Each of the students is keeping in contact with their team so they can monitor where their research is headed. While they'll all return to the lab next summer for the second season of the project, Elliott said he also plans to work over winter and spring breaks. "I don't care if I get paid for it or not," he stated. “I enjoy it and the experience is invaluable."
Edgar said the highlight of his experience was finally growing bacteria with TB in it. For Elliott, it was growing cells, extracting protein, and then purifying it, all by himself. "It was pretty cool," he stated.
Brittney admitted she never had an "a ha" moment. "We always had to start over from square one," she reported. “It's frustrating. You think something should be simple and it isn't. Or you get something to work once, but then you can't repeat it. It drives you crazy."
Now that they've experienced the excitement, and tedium, of working in a lab, all three agreed they can see it as a career. "It's hard work, but it's rewarding," Edgar stated.
The trio's Advanced Placement chemistry teacher, Heather Fellows, is obviously proud of her students' success. "We have a very strong science program here at Memorial," Fellows stated. "We also had 2 of the 4 students selected for Project SEED two years ago. One of those students ended up at St. Mary's where she is still working with the professor she started with as a high school junior."
Fellows pointed out these types of connections can be beneficial to the Memorial students for years to come. After next summer's Project Seed experience, the students will be eligible for scholarships not open to students without their level of lab experience.
"These kids have had the opportunity to work in a college lab with university professors and gain even more skills," she said. "It's phenomenal. Not many high school students could accomplish this."
Central senior Logan Edwards is a teaching assistant this year for AP chemistry teacher Sarah Pennington after completing the course, and earning a 5 on the AP exam, last year. Logan said it was Pennington who encouraged him to apply for Project SEED.
“I have always known that Logan was a natural chemist so when he was accepted into the research department at Notre Dame for the summer it was not a surprise,” Pennington said. “The experience was extremely valuable for him as it helped to solidify his career goals.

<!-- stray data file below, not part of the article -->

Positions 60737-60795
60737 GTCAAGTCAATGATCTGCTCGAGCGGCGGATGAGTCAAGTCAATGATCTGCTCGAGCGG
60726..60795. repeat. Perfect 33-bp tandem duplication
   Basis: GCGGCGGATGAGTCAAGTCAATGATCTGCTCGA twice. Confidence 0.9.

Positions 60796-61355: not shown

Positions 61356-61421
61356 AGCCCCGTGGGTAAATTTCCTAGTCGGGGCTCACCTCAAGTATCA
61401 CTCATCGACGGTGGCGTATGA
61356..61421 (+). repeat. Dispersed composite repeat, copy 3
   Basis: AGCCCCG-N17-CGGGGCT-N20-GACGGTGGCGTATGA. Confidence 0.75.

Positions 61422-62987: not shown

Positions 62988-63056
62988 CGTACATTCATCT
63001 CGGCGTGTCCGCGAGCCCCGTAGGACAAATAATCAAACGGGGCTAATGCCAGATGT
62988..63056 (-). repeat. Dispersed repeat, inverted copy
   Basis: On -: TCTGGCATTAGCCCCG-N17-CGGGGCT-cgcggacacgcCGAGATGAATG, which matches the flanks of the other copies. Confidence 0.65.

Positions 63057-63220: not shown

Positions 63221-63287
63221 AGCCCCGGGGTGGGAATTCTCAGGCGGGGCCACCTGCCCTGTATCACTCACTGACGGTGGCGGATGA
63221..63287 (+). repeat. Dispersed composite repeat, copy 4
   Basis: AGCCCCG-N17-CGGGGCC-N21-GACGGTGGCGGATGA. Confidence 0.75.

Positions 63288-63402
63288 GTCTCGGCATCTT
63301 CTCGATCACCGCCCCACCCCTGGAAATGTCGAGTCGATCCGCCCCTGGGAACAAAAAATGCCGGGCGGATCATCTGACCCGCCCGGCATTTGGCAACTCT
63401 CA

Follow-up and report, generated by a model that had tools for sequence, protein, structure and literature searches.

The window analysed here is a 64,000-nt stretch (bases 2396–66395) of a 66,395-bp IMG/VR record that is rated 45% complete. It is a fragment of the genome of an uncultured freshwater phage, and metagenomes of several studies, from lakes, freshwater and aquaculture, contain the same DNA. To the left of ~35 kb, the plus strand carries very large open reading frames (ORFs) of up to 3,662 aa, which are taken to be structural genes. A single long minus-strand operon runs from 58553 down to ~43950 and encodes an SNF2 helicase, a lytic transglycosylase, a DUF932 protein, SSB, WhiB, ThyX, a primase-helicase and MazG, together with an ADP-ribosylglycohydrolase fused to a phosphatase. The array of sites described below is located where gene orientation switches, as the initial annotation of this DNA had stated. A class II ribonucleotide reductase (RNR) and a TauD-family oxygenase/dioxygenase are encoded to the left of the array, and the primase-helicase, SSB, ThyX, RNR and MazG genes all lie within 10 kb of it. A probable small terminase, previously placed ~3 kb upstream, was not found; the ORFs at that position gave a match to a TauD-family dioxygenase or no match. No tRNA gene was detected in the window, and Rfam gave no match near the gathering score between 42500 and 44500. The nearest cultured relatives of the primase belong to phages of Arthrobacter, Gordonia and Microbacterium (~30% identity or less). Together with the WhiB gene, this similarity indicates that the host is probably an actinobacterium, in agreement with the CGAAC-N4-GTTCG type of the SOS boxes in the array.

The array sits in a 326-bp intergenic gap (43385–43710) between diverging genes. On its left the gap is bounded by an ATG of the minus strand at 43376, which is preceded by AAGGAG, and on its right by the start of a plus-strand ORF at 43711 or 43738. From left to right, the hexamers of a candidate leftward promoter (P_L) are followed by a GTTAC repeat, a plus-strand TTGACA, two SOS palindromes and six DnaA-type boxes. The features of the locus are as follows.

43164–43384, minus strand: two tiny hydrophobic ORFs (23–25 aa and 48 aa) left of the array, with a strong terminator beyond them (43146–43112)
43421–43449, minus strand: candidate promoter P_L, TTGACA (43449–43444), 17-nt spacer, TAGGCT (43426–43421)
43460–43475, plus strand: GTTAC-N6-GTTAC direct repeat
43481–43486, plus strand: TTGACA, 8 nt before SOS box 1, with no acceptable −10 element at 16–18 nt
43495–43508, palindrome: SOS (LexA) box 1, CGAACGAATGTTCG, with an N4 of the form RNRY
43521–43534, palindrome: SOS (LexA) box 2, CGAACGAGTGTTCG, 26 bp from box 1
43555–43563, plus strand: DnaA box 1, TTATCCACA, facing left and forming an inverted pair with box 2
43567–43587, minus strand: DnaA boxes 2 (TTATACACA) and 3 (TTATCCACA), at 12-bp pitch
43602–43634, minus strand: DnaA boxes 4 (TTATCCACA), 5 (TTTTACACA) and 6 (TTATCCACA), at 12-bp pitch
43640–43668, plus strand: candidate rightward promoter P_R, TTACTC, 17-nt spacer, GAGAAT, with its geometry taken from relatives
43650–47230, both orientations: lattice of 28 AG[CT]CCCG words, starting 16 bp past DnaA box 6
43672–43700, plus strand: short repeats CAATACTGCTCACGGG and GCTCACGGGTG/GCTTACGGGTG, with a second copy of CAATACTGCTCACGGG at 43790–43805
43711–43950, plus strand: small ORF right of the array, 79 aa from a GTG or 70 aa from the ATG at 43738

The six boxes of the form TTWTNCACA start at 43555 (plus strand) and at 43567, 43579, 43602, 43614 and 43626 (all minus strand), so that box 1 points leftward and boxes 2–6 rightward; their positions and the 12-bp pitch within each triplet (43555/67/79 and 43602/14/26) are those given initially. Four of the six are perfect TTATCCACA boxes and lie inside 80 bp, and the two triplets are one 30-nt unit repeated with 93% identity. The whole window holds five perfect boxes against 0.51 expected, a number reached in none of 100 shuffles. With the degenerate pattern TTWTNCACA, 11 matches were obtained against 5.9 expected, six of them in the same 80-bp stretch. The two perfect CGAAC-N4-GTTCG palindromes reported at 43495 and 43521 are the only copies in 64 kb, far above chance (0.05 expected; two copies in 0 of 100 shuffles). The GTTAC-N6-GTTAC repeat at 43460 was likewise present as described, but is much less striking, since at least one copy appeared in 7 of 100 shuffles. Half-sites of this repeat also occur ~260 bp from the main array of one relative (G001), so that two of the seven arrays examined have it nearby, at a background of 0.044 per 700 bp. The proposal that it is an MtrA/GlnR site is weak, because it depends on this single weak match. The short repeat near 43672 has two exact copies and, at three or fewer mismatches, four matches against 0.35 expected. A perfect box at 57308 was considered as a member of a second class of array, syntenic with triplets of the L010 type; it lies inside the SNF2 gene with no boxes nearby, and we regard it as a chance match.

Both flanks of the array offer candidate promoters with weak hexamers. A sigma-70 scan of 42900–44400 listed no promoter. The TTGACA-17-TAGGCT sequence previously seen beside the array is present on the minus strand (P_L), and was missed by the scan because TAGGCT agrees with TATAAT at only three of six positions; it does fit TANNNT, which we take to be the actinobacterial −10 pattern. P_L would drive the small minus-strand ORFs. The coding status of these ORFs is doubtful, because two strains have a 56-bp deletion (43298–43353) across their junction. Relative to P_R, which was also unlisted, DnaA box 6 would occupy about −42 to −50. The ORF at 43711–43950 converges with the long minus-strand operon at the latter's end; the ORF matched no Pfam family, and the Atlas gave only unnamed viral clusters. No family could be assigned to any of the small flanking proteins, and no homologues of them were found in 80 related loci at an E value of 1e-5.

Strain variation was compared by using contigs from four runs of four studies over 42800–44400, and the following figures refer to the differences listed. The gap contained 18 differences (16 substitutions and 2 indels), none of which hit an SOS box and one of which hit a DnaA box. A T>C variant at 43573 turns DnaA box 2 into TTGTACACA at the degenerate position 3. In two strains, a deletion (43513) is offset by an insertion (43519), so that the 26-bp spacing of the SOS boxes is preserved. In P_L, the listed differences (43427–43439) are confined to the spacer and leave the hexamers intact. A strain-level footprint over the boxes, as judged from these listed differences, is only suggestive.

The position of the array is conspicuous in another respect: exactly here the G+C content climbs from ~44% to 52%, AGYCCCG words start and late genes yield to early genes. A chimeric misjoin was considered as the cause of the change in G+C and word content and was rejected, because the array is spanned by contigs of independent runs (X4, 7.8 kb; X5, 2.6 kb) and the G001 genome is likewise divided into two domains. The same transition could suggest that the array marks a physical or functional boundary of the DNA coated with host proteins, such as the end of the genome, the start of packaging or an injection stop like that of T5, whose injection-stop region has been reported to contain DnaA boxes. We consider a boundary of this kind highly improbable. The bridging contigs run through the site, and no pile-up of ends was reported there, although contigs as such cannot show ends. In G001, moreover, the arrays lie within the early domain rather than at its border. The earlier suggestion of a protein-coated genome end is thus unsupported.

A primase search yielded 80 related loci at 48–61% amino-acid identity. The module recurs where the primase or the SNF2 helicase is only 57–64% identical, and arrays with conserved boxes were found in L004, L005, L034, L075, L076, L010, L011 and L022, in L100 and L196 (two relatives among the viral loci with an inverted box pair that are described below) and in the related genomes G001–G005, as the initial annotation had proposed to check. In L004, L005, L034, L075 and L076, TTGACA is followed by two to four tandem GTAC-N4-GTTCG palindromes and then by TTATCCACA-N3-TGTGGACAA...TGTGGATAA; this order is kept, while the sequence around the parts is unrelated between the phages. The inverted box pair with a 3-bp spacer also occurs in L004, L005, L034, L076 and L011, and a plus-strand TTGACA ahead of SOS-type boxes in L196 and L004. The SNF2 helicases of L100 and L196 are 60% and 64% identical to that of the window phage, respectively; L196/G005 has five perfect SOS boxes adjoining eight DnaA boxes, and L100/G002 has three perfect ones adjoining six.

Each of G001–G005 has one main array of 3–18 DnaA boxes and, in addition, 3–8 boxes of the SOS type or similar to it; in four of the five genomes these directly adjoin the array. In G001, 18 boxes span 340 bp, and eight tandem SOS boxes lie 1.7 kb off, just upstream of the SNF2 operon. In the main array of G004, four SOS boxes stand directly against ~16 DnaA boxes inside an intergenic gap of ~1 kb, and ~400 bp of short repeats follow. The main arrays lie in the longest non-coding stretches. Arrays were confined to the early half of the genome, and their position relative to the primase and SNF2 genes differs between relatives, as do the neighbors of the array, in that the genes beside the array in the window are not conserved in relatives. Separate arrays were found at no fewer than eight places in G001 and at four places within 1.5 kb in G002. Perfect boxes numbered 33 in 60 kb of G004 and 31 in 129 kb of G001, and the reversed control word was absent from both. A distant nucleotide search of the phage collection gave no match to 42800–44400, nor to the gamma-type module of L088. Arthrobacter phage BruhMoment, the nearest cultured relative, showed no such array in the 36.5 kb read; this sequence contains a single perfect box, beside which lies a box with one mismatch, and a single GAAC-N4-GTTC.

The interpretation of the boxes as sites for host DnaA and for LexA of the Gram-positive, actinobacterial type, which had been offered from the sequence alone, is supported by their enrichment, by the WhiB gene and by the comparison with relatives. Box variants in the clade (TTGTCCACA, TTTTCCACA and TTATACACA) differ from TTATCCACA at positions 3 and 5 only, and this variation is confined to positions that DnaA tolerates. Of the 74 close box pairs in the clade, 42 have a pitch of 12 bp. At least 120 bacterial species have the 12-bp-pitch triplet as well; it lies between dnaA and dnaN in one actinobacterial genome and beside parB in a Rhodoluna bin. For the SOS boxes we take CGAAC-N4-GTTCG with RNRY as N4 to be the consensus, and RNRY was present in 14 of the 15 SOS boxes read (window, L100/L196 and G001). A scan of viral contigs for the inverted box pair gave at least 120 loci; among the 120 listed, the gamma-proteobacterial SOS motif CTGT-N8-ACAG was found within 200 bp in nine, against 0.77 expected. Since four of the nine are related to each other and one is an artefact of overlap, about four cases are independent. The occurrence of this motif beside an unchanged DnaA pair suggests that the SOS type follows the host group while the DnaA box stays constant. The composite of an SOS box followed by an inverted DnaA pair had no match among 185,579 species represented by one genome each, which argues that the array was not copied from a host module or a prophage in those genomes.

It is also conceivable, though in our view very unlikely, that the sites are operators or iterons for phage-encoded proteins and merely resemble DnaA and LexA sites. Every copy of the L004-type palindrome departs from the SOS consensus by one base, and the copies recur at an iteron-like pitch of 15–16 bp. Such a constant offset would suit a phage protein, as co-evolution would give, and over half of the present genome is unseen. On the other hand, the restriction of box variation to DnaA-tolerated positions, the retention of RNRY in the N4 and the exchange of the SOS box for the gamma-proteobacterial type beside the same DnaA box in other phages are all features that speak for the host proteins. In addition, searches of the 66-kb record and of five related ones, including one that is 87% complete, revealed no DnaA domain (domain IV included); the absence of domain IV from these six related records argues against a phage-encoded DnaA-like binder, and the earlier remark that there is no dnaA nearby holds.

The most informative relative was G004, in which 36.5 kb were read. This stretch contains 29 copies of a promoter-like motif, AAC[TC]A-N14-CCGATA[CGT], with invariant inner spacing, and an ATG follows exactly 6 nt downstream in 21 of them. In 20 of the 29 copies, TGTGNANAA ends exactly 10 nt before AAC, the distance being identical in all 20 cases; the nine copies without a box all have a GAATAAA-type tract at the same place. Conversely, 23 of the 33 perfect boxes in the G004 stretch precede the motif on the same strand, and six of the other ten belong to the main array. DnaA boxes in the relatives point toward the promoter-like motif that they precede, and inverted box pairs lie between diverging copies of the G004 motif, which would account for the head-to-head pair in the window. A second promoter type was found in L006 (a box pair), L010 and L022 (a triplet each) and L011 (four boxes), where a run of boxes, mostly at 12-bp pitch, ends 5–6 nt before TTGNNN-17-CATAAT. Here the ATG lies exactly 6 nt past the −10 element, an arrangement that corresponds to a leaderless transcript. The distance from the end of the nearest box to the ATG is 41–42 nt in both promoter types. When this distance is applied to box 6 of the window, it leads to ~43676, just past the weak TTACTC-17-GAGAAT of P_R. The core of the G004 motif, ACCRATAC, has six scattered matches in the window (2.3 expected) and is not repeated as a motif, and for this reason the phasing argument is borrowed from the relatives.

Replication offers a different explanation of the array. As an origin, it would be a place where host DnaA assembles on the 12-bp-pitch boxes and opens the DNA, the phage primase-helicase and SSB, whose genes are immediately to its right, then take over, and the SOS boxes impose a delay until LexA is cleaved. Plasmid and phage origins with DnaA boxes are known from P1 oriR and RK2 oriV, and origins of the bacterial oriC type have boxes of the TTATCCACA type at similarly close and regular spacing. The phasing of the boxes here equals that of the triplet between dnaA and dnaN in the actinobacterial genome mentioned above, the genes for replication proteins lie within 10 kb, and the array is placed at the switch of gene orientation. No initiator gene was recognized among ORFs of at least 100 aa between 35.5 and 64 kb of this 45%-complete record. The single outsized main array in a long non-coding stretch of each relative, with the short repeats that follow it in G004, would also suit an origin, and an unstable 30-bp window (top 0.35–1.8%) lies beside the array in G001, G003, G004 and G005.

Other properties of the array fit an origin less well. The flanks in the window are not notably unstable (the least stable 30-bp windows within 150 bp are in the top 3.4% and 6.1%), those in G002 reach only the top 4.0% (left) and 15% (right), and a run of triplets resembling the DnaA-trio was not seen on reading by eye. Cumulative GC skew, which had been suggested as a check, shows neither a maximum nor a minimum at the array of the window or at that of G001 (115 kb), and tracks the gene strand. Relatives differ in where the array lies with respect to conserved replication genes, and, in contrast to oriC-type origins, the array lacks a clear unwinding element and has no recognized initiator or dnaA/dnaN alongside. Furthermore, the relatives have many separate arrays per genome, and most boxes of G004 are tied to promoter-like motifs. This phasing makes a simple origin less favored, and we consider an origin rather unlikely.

“There are very few students that I have encountered that LOVE chemistry the way that Logan does so I knew I needed to find a way to give him more resources to pursue his dreams,” she continued. “This experience was just that. I couldn’t be more proud of Logan."
Logan spent his lab time working on organo metallics, which is the study of the interactions between metal-carbon complexes. Like Brittney, Logan noted it was slightly intimidating working alongside college students and professors.
Central senior Logan Edwards works on a chemistry experiment in the school's science lab
"It felt very different," Logan said. "I went from an environment (at Central) where I was the most knowledgeable to being at the bottom again. It was like an accelerated course. I had to learn fast or get left behind."
Logan said the experience was extremely enjoyable. "I not only learned a lot about chemistry, I also was able to network with professors and students who have the same interests I do," he said. “I loved my co-workers."
While he'd already decided on a career in chemistry, the summer fellowship solidified his decision. “This was excellent real world experience," Logan said. “It should really help when I apply to college."
He listed his top three college choices as Indiana University, Ball State, or Notre Dame. Wherever he ends up, he plans to major in chemistry and is considering a career in organo metallics. "It's a big field," he noted. "There are a lot of areas to choose from."
Logan said he's not surprised four Elkhart students were selected for Project Seed as the district offers a large variety of chemistry and other science courses. "AP chemistry and honors chemistry really prepared me well," Logan stated. "I knew the basics of what I needed to know and I was able to jump right in and quickly become part of the research team."